I can definitely say that this is one of the distinct highlights of my blog so far. Readers who have been with me from the beginning will know that one of the inspirations in starting BBB five years ago was reading on one of the American blogs that they’d all been taken on a trip to Paris to visit Coco Chanel’s private apartment (I know, I AM that shallow, but I’m not going to lie and pretend it wasn’t a factor although it certainly wasn’t the main factor!).Rue Cambon
So five years later, I’ve actually, really done it!Keys To Coco Chanel’s Private Apartment
And here are the actual keys to the apartment (the key ring isn’t the original, sadly).Chanel Chair
As you enter the apartment, the first thing that strikes you is the smell – woody and slightly sweet at the same time. Chanel have kept the apartment pretty much exactly as it was so it is extremely atmospheric. This chair has an interesting story – it went missing for years and years, and then about four years ago Karl Lagerfeld recognised it in an auction and bought it back to be reinstated in the apartment. Nobody knows where it had been all those years.
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Coco Chanel had a life long love of Coromandel screens (they are huge dark laquered folding screens, intricately carved and painted and made in China in the 17th Centurty – the name Coromandel refers to the Coromandel coast in India where screens were shipped to Europe) and collected 32, eight of which are in the apartment, either as wall panels or still in their original screen state. There’s something actually a little bit spooky about the fact that this bottle design was created in the 17th century, and the screen bought before Chanel fragrance existed – it’s not dissimilar.Chanel Coromandel Screen Detail
Beauty fans will recognise this Coromandel carving in the Coromandel Palette.
Peter Philips used the screens as inspiration for the collection.Chanel Chandelier
Coco Chanel also loved chandeliers – if you look closely at the ironwork, you’ll see at the very top it is formed into an ornate letter G (for Gabrielle) and further down, it’s formed into interlocking C’s. You’ll also notice that it has crystal camelias – the iconic Chanel symbol.Chanel Ornament
One of the things I enjoyed the most about being in the apartment was seeing the very personal ornaments she had.Chanel Ornament
As it turns out Coco Chanel was very superstitious and liked to have everything in pairs – so you could see two lion ornaments, two mirrors, two vases, two crystal balls – it was such an interesting insight into how she thought and connected with things. Her apartment was well before its time; she had plain, cream curtains when everyone else had swags and ornamentals, she had beige carpet when everyone else had parquet flooring; she had an enormous, suede covered sofa well before suede was considered for interior decorating – everything is in accord, from jewellery to clothes, from carpets to fragrance – it’s all one giant, specific style circle that the brand stays true to today.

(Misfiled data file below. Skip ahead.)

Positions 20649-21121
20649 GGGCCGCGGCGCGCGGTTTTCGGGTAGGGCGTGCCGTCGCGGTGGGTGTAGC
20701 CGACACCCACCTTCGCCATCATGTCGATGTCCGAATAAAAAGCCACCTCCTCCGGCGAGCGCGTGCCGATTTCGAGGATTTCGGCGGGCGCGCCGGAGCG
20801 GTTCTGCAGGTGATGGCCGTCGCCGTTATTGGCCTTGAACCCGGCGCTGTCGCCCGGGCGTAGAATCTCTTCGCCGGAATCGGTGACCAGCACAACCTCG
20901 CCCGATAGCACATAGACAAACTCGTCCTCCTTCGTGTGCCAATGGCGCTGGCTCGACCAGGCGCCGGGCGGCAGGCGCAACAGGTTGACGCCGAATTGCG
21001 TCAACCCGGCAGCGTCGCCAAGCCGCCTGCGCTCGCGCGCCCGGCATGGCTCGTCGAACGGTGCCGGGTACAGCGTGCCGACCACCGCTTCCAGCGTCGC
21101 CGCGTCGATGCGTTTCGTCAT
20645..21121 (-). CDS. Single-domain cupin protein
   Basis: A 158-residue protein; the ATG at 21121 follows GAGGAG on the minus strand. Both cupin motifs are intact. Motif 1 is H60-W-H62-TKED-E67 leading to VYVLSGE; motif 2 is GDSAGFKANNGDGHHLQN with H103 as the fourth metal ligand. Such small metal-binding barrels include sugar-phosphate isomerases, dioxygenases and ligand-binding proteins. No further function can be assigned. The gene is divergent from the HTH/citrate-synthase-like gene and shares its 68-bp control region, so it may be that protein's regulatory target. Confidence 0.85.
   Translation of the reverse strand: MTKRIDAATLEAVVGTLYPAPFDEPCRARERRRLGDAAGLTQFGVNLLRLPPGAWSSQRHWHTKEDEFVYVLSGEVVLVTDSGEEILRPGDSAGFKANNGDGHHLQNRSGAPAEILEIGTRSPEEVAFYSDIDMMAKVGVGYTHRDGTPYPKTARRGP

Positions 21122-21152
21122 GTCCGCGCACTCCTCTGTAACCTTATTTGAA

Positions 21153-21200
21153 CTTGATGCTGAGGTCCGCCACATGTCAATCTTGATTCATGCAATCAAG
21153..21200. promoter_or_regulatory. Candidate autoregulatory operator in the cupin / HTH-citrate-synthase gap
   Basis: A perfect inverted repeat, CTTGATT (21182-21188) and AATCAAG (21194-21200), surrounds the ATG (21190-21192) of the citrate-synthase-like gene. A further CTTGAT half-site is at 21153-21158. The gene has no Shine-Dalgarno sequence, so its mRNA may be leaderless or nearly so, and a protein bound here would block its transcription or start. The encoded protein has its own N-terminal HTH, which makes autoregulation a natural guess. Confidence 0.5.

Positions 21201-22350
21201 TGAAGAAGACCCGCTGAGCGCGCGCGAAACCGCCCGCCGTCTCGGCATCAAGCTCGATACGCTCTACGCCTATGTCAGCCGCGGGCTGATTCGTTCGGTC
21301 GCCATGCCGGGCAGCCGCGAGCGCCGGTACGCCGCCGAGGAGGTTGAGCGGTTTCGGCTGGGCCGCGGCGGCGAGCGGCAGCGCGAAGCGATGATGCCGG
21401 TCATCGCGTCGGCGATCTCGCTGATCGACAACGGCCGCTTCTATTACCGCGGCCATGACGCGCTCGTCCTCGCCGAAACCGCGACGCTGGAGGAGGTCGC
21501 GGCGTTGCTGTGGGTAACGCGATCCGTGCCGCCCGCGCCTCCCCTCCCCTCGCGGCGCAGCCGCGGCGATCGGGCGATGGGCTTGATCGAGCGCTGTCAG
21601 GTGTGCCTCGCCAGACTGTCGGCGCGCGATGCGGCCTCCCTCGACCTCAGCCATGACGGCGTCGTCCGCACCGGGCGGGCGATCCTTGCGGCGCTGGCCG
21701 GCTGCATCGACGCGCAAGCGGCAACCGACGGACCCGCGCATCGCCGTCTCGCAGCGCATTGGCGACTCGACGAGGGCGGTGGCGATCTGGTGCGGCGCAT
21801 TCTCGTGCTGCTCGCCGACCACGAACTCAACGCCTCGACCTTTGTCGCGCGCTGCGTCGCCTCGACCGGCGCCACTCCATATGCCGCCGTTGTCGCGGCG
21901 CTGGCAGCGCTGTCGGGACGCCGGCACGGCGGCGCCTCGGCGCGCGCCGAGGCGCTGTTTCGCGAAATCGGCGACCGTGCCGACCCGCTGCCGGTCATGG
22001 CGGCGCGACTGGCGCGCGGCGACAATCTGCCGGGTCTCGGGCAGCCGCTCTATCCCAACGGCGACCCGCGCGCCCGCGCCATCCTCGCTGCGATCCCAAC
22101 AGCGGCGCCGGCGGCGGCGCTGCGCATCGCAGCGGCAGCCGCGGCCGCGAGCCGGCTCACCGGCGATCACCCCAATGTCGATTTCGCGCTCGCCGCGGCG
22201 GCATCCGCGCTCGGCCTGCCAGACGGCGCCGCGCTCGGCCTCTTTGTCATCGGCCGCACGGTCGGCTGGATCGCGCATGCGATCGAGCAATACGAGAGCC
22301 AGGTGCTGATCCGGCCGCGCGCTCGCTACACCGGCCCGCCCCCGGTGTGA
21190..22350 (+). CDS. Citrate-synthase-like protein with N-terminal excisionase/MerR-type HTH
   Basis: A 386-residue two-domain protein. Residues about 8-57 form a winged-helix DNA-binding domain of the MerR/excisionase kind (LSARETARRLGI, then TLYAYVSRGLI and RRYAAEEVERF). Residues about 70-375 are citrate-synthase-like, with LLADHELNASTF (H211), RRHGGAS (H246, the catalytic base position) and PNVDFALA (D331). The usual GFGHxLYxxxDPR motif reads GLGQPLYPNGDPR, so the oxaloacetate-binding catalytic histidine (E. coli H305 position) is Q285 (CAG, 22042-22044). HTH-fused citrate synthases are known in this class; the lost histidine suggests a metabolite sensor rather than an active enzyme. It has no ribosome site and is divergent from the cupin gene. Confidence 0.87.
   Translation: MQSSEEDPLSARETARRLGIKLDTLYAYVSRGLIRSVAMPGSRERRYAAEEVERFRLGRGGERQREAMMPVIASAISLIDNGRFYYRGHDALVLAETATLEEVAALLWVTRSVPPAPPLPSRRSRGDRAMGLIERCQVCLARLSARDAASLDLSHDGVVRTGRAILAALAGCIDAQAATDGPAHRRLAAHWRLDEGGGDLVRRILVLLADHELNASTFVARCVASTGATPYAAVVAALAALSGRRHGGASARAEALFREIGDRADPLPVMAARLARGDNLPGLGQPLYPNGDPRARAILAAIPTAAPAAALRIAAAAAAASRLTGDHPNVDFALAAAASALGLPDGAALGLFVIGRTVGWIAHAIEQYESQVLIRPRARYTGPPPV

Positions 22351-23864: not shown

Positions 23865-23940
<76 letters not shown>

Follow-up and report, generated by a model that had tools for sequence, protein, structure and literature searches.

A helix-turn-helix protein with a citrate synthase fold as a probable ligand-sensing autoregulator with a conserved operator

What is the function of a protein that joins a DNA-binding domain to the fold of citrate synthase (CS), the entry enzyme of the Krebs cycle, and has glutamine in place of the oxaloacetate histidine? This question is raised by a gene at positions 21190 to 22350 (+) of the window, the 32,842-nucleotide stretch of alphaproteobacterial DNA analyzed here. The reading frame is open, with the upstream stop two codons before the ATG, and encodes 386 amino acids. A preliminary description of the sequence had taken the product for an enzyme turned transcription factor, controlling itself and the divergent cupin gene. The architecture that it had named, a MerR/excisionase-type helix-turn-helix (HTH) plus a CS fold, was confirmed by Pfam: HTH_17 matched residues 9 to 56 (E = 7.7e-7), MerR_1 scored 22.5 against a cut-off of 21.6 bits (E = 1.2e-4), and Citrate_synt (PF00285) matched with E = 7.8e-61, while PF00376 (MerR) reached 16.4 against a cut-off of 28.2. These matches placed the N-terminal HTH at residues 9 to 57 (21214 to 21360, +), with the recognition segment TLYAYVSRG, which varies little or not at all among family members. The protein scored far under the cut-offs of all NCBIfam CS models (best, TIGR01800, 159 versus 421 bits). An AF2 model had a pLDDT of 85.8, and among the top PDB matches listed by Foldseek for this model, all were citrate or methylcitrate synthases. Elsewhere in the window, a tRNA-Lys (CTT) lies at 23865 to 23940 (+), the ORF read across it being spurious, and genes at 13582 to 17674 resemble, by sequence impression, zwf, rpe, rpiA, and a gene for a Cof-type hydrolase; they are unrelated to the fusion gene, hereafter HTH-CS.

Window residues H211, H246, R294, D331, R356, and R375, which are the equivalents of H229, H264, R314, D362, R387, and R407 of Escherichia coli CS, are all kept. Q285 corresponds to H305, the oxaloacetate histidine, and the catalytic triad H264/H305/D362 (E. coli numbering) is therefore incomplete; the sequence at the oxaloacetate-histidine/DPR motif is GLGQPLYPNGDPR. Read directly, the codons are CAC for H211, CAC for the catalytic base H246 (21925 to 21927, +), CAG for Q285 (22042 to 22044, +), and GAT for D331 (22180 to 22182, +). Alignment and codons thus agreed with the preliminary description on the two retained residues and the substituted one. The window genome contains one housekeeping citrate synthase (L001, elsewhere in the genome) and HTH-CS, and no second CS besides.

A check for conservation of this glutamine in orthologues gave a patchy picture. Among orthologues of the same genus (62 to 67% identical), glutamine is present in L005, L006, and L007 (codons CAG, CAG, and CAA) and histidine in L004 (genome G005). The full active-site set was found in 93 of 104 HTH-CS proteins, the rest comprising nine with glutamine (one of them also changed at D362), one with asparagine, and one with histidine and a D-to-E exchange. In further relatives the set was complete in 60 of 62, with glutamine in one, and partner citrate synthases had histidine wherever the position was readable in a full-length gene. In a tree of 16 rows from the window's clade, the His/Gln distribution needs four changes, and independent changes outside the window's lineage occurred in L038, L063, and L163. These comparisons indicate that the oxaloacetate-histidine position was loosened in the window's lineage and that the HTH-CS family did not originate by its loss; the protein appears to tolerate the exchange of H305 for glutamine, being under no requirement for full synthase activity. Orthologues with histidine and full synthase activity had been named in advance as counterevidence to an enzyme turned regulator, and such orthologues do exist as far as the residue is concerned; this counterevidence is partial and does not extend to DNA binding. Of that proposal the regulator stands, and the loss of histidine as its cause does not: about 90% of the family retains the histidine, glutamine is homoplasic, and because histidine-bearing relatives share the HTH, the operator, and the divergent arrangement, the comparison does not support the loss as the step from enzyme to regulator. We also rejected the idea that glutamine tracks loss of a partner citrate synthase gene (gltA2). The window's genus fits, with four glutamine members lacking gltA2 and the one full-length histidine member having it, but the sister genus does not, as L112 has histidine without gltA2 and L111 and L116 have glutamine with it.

If you look at the large mirror in the dining room (a matching one on the other side out of shot), you can see how that shape is reflected in the stopper of a Chanel No5 bottle.Coco Chanel Stair Case
This is the stair case to Coco Chanel’s apartment – a beige carpet with a white leather trim – this is cleaned and re-painted weekly.Chanel Atelier Salon
And here is the biggest CC I’ve ever seen! It’s the carpet in the couture area – behind those mirrors that you can see at the back, women go to be fitted for couture outfits. While we were there, there was someone being measured up for a dress – I was riveted trying to sneak a little look at who it was!
Finally, the apartment is opened only occasionally, although it is still cleaned meticulously regularly; the people that it is opened to tends to be designers looking for inspiration. As I wandered around I just kept thinking everything has been done – everything. What last bit of inspiration is there to take from here? Well, I think I spotted something not done before.Chandelier Reflection
It’s not an amazing picture, but the chandelier full of glass camelias – the shadow it created on the domed ceiling – I thought that would make an amazing illuminating palette with a pearly white iridescent background and the camelia shadow in a contrasting tone.
I should add in that Chanel had no bedroom there – she took rooms at the Ritz hotel (rather unromantically, this is because it was let as a commercial property so no sleeping over!). However she had a bathroom and kitchen, so would get virtually entirely ready for bed before popping over the road to sleep!
So, I can truly say, hand on heart, that it was one my most memorable life experiences. I love Chanel.. I might not always get along with the brand as it is now..but it resonates with me like no other brand. It was beyond a pleasure.
Part 2 Tomorrow.
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